Flashcards in Ataxia: Cerebellar Dz Deck (25):
What may worsen sensory ataxia?
- loss of proprioception (slidy kennel)
- loss of vision (blindfold, dark room)
- reflection and darkenss not helpful
What are the 3 types of ataxia?
How is ataxia affected by gait?
EASIER TO RUN!!! cf. lameness which worsens with ^ gait
What aspects of the gait should you look for when assessing ataxia?
1. limb movement
2. head movement
3. trunk movement
What is sensory ataxia also known as?
- spinal or proprioceptive
Define hypo and hypermetria
- shorter or longer protraction phase of gait
- ability to control distance, power and speed of an action (combination of hypo and hypermetria)
Give the 5 general proprioceptive pathways (-> sensory ataxia)
- peripheral nerves
- dorsal root
- spinal cord
What clinical signs are commonly seeen in combination with sensory ataxia?
- abnomal postural reactions
- limb paresis (looks like lameness)
What clinical sign may be seen with sciatica?
- arched back (relieves pressure on n. root)
- usually where pain is greatest
What is included in the vestibular apparatus?
- Vestibuular nuclei (central)
- Vestibular portion of VIII (vestibulocochlear n.)
- Vstibular receptors (peropheral)
Clinical signs of vestibular ataxia
- head tilt
- leaning, falling and rolling to one side
- abnormal nystagmus (slow phase TOWARDS lesion, fast run away from the lesion)
- positional strabismus
- normal (peripheral) or abnormal (central) postural reactions
Clinical signs of cerebellar ataxia
- wide based stance
- intention tremor (head)
- loss of balance and truncal sway
- delayed onset and hypermetric hopping
- ipsilateral menace deficits with normal vision
- no limb paresis or conscious proprioception deficits
- pendular nystagmus
What is the difference between concious and unconcious proprioception?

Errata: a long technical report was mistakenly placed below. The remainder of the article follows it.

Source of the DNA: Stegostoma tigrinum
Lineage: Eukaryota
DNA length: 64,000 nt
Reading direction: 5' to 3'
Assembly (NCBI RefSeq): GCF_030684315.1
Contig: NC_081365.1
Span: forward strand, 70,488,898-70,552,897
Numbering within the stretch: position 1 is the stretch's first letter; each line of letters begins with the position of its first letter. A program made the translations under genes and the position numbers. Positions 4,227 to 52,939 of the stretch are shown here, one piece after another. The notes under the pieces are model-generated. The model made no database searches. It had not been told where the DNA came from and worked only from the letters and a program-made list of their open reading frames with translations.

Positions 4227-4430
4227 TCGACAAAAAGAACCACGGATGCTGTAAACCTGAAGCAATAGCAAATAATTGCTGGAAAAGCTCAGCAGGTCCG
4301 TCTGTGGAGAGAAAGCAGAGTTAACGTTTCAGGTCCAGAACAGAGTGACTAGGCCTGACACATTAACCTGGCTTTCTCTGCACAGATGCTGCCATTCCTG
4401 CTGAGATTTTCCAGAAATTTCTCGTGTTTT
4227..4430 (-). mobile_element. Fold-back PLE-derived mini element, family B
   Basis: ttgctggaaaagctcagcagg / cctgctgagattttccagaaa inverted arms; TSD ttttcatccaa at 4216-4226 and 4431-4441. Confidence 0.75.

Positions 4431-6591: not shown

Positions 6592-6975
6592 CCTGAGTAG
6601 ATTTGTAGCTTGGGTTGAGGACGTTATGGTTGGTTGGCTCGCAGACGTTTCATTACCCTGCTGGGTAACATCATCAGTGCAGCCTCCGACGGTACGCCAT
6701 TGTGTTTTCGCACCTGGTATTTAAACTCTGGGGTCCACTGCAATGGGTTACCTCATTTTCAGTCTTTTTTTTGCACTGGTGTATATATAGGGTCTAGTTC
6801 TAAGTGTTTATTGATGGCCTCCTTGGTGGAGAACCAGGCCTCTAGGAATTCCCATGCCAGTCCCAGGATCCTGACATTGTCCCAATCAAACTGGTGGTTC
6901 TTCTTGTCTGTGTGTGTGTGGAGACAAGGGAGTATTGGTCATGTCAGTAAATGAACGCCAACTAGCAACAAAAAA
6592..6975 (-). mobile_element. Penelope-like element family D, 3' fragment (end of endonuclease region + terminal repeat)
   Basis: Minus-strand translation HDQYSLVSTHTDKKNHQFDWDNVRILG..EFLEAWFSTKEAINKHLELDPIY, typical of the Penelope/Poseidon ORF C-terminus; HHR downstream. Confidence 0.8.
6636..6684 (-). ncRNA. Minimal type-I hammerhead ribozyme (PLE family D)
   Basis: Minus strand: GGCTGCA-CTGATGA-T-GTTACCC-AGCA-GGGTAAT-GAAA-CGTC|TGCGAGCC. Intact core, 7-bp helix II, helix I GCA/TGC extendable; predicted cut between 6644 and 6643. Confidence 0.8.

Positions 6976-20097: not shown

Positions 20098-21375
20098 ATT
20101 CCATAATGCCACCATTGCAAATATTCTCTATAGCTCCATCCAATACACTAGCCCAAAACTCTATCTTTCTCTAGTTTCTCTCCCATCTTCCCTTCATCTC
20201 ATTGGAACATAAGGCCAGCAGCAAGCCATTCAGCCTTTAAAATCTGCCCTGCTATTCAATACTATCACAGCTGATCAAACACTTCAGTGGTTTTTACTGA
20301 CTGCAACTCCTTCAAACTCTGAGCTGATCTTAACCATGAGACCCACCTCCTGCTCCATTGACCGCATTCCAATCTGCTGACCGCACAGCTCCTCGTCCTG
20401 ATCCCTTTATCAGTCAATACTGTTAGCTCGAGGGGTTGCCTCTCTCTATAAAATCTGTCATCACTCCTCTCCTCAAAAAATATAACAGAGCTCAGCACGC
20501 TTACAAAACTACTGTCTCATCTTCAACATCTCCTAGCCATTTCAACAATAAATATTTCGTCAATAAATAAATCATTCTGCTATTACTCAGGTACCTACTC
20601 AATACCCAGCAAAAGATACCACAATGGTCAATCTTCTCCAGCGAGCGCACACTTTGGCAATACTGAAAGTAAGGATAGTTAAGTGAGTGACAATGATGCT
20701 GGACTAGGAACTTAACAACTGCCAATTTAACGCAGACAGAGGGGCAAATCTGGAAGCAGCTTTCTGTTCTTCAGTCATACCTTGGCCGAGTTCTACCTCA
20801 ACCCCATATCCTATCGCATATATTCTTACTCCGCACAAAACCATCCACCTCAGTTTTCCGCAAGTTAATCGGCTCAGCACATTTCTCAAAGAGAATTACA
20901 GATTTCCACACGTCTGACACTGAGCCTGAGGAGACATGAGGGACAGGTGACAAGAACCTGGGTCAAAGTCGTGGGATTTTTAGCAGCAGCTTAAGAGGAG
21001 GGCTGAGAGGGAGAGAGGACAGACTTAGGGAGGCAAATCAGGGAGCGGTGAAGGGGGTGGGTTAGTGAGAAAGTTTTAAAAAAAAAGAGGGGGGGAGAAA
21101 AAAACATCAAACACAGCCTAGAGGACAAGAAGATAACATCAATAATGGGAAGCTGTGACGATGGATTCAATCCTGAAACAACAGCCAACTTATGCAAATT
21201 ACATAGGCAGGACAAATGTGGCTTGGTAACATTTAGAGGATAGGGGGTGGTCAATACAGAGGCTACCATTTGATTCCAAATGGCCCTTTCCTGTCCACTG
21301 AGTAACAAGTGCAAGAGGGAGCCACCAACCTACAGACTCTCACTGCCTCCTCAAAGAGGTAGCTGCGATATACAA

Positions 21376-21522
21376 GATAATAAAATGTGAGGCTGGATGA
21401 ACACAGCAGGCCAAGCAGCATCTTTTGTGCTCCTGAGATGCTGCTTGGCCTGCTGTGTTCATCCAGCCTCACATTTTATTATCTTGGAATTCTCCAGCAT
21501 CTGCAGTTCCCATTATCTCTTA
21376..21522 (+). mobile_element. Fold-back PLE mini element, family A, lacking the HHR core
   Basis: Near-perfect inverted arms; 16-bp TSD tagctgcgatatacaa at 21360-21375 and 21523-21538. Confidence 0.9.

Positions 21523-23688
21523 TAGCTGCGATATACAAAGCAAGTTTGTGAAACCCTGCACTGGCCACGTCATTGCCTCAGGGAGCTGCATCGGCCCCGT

- conscious can be over ridden eg. foot placement
- unconcious cannot be overridden eg. hopping test
Where are movement impulses initiated?
Forebrain??? then modulated by cerebellum
What disease are arabians affected by?
- cerebellar disease
Outline the neurological exam in the correct order
- mental status and behaviour
- ID abnormal involuntary movements
> hands on
- postural reaction testing
- cranial nerve assessmenet
- spinal reflexes, muscle tone and size
- sensory evaluation
What is the peropheral vestibular system composed of?
vestibular apparatus =
- central vestibular nuclei
- vestibular portion of VIII
- peripheral vestibular receptors
How are the vestibular hair cells different to other cells in the body?
- K+ depolarises
- same for insulin secretion int he pancreas
- all other cells depolarised by Na
What is the vestibular organ composed of?
- otolith organs (utricle and saccule) contain vestibular hair cells
- 3 semicircular canals, within which the ampullae contain vestibular hair cells
- sensory epithelium = macula, hair cells, stereocilia, gelatinous layer, fibrous otolithic membrane embedded with otoconia (ca co3 crystals)
Common sign of ataxia
What is the occulovestibular reflex?
- inducing nystagmus by moving the head - fast phase should be towards the direction of movment, slow phase away (maintain focus on one point as head trns by inervatig contralateral ocular muscles excitatory and inhibiting ipsilateral ocular muscle)
What is the main output of the vestibular pathways to the body? What type of reflex is this?
- extensor muscles
- unilateral reflex
What tpes of movement are detected by the semicircular canals, saccule and utricle and visual/proprioceptive/tactile inputs? Where do all these signals go?
- head motion (angular acceleatio) - semicircular canasl
- head position (gravity) - saccle and utricle
> all go to the vestibular nuclei
> outputs: forebrain perceived orientation, SC and Cerebellar, occulomotor outputs